Past and present fish species recorded in the estuarine Lake Ichkeul, northern Tunisia
Lake Ichkeul in northern Tunisia is a Ramsar site, a MAB Biosphere Reserve and a UNESCO World Heritage Site. The system is one of the most important coastal wetlands in North Africa, especially as an over-wintering area for migratory birds, particularly Palaearctic waterfowl. The present study was aimed at diagnosing the status of fish species in Lake Ichkeul and documenting their annual and seasonal occurrence within the system. Fish samples were collected monthly at 22 sites from March 2011 to April 2012 using a variety of gears, including a dragnet, gillnet, trammelnet, frynet and beach-seine. Temperature and salinity measurements were taken at each site, while fishes were obtained from only 11 sites, representing mainly lacustrine stations. A total of 18 fish species belonging to 14 genera and 12 families were identified, with Mugilidae dominating with four species, followed by Syngnathidae with three species. This study represents a relative recovery in terms of fish species richness, since only 13 species were recorded here between 2003 and 2007. However, the numbers of fish caught, especially of the commercial taxa, seem to have declined in recent years, and the number of species currently present is much lower than that of several decades ago. Increasing human pressures, particularly reductions in catchment freshwater inputs, a breakdown in ecosystem connectivity, pollution and over-fishing appear to be the principal causes for the decline in fish abundance and diversity.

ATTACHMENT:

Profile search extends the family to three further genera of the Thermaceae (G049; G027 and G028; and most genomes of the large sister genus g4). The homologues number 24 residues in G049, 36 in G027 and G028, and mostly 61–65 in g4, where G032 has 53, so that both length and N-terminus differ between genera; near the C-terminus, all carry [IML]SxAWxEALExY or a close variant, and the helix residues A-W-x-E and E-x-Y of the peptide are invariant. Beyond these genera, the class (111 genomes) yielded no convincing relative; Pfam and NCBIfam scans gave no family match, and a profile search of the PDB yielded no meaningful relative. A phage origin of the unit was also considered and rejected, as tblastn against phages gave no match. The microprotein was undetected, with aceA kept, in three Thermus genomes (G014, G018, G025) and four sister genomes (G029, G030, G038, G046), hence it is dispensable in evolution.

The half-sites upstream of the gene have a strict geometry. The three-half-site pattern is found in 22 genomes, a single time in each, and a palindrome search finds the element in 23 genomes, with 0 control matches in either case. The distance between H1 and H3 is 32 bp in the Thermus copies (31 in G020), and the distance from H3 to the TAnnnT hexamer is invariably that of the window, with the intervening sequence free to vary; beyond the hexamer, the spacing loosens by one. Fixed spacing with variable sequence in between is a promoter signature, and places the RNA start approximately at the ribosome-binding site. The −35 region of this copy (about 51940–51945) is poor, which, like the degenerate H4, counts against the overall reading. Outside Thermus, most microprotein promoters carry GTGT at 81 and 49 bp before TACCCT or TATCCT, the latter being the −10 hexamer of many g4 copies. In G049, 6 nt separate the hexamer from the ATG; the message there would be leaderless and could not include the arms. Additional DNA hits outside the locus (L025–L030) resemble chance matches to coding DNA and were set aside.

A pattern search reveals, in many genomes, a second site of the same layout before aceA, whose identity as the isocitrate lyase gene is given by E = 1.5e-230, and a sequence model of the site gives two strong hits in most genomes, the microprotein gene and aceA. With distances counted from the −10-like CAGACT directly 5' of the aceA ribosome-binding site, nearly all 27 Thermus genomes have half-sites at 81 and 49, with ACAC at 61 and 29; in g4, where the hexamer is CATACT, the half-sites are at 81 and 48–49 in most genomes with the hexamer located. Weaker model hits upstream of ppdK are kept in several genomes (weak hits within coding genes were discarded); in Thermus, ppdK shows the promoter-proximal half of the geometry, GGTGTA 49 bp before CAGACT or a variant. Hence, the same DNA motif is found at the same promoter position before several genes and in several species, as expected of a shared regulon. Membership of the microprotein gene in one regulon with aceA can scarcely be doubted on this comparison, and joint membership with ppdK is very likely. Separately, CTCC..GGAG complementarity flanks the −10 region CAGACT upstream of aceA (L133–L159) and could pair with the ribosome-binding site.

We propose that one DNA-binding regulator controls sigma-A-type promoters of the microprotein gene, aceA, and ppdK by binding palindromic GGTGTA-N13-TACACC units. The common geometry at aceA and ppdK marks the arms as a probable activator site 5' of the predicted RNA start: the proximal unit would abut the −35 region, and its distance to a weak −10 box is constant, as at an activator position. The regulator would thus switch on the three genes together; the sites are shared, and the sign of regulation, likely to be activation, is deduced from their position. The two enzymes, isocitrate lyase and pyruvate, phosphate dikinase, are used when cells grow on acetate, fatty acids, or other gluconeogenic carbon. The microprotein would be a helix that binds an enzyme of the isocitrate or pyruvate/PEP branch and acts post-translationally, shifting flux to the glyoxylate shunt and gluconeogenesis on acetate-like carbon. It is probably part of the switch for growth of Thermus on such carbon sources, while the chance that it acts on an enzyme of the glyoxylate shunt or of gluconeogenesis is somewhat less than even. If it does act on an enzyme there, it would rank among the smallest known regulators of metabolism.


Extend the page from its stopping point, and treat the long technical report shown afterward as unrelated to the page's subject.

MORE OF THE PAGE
Keywords: estuarine fish, freshwater fish, marine fish, salinity, seasonal occurrence, species composition